Recommended Posts

Hi everyone!

So, I'm starting a viola using highly figured poplar for the back and sides, and probably a grafted pearwood scroll.

Never having used poplar like this before, I'm wondering if anyone here has any tips or suggestions on what to expect, or pitfalls to avoid,

or should I just proceed as usual.

I understand that Italian poplar, which this is, often has a high silica/"sand" content from growing along sandy banks near rivers, and can be very hard on sharp edges.

Beyond that, ???? :huh:

Thanks. :)

Link to post
Share on other sites

Hi everyone!

So, I'm starting a viola using highly figured poplar for the back and sides, and probably a grafted pearwood scroll.

Never having used poplar like this before, I'm wondering if anyone here has any tips or suggestions on what to expect, or pitfalls to avoid,

or should I just proceed as usual.

I understand that Italian poplar, which this is, often has a high silica/"sand" content from growing along sandy banks near rivers, and can be very hard on sharp edges.

Beyond that, ???? :huh:

Thanks. :)

You should calculate exactly where you want your soundpost to be located on the back. If it is radial cut cypress poplar the flame is sometimes so wild that you have areas where the grain goes completely perpendicular to the arching surface. If the soundpost rests on one of these points you have a guaranteed soundpost crack in a short time after the instrument is made. You will be virtually resting the soundpost on end grain.

Bruce

Link to post
Share on other sites

I'm just varnishing a poplar cello. The back is quite plain, one piece, no flame at all - and for the most part quarter cut - except the lower wing goes on the slab. So hopefully no issues there on the weakness around the soundpost.

This was probably english ( came from David Dyke ) and it was terrible for tool edges. The grain raises a great deal if wetted. Its a very porous wood and needs sealing well. I didn't find it very inspiring to work with - but it seems to work well as a tonewood.

Geoff

Link to post
Share on other sites

Hi everyone!

So, I'm starting a viola using highly figured poplar for the back and sides, and probably a grafted pearwood scroll.

Never having used poplar like this before, I'm wondering if anyone here has any tips or suggestions on what to expect, or pitfalls to avoid,

or should I just proceed as usual.

I understand that Italian poplar, which this is, often has a high silica/"sand" content from growing along sandy banks near rivers, and can be very hard on sharp edges.

Beyond that, ???? :huh:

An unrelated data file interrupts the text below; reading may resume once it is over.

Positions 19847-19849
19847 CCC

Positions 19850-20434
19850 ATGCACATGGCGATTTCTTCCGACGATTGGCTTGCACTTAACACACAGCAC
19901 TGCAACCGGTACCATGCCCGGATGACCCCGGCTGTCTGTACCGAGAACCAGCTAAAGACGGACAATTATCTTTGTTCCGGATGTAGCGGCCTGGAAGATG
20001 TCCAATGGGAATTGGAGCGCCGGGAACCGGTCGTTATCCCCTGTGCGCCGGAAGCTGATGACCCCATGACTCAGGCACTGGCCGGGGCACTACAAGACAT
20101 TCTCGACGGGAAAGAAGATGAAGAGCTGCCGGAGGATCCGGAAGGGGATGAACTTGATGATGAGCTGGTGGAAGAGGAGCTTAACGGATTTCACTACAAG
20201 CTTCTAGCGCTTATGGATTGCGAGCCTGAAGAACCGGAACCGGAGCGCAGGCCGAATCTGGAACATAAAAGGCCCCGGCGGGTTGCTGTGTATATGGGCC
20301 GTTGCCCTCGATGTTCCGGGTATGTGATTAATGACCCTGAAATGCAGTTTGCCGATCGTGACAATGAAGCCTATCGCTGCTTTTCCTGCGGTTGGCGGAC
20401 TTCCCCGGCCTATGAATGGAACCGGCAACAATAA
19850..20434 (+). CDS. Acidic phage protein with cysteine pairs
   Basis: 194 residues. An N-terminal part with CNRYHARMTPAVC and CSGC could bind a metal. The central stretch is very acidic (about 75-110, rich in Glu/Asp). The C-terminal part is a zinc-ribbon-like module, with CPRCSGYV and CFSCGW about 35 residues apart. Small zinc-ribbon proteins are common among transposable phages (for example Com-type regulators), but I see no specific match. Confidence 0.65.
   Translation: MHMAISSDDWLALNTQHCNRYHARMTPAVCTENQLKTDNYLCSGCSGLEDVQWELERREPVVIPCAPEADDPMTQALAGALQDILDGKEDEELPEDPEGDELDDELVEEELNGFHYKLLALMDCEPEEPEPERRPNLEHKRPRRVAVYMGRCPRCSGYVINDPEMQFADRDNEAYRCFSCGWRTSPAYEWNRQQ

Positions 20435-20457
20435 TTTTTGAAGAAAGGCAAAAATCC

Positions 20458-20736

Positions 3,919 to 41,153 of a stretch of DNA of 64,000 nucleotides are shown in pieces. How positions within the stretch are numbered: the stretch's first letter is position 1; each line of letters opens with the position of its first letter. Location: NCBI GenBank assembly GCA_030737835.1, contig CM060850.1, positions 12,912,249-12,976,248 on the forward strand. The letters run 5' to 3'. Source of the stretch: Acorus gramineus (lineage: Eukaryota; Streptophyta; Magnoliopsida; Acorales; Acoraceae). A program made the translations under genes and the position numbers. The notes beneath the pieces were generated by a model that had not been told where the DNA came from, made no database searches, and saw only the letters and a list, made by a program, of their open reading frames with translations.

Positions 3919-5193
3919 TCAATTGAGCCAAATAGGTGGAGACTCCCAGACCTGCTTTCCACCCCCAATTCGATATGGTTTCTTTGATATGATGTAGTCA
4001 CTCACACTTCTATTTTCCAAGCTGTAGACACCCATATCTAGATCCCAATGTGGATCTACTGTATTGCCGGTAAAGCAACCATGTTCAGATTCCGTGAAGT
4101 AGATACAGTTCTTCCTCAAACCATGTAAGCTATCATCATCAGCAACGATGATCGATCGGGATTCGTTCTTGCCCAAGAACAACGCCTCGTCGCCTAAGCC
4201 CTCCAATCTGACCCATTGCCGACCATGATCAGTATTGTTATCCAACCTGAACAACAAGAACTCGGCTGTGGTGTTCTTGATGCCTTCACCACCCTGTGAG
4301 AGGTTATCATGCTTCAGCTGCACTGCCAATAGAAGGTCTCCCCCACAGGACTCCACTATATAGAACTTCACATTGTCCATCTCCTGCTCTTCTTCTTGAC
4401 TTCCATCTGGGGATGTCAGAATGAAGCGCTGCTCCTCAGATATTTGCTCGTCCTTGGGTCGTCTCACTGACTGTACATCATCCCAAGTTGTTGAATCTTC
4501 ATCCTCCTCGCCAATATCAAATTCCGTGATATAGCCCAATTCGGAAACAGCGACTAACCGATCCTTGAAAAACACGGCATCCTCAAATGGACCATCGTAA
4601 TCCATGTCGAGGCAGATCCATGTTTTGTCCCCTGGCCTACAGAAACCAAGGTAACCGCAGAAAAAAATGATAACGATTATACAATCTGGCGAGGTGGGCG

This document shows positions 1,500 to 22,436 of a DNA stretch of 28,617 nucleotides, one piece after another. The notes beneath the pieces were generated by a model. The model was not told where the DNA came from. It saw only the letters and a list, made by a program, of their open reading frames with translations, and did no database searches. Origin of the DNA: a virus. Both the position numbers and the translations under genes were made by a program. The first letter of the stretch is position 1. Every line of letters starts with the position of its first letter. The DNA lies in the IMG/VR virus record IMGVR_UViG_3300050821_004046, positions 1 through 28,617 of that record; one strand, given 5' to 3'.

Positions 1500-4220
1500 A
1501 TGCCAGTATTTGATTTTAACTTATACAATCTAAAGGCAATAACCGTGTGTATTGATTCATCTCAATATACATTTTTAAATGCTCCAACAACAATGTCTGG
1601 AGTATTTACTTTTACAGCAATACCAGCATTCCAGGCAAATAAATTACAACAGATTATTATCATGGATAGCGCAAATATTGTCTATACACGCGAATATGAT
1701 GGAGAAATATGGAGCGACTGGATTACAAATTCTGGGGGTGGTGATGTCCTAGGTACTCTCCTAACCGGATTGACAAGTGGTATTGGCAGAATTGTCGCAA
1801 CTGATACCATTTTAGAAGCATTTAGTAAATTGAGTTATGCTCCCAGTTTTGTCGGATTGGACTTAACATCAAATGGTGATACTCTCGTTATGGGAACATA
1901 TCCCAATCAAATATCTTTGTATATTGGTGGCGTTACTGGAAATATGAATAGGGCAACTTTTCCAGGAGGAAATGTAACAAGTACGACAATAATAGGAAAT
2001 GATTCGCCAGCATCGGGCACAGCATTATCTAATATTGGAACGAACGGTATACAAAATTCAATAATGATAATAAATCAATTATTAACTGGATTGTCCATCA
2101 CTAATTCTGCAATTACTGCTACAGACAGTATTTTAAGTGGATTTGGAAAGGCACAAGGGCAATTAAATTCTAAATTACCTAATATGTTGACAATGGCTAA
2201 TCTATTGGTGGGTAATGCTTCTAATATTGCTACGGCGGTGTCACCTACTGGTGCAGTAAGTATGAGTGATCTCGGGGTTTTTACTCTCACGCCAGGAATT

Thanks. :)

Be careful with your grads. Go for heavy first then check.

Link to post
Share on other sites

Hi everyone!

So, I'm starting a viola using highly figured poplar for the back and sides, and probably a grafted pearwood scroll.

Never having used poplar like this before, I'm wondering if anyone here has any tips or suggestions on what to expect, or pitfalls to avoid,

or should I just proceed as usual.

I understand that Italian poplar, which this is, often has a high silica/"sand" content from growing along sandy banks near rivers, and can be very hard on sharp edges.

Beyond that, ???? :huh:

Thanks. :)

Poplar is less dense than maple so wouldn't the proper graduations be thicker than for maple? If so, how would you figure out how much thicker the graduations should be?

Link to post
Share on other sites

There are several different species of wood being discussed in this thread. I'm sorry I don't know the botanical names. The wood Bruce refers to is also called 'Lombardy poplar' and his point about end grain is correct. Lombardy poplar is quite hard and sometimes a bit more dense than maple. The other poplar is often a very plain wood with a greenish tint, it is usually softer and lighter than maple.

how would you figure out how much thicker the graduations should be?

You could use a stiffness calculation like John Master's (frequency (mode 5) squared times mass) Match it to your previous instruments.

Oded

Link to post
Share on other sites

Join the conversation

You can post now and register later. If you have an account, sign in now to post with your account.
Note: Your post will require moderator approval before it will be visible.

Guest
Reply to this topic...

×   Pasted as rich text.   Paste as plain text instead

  Only 75 emoji are allowed.

×   Your link has been automatically embedded.   Display as a link instead

×   Your previous content has been restored.   Clear editor

×   You cannot paste images directly. Upload or insert images from URL.

Loading...
  • Recently Browsing   0 members

    No registered users viewing this page.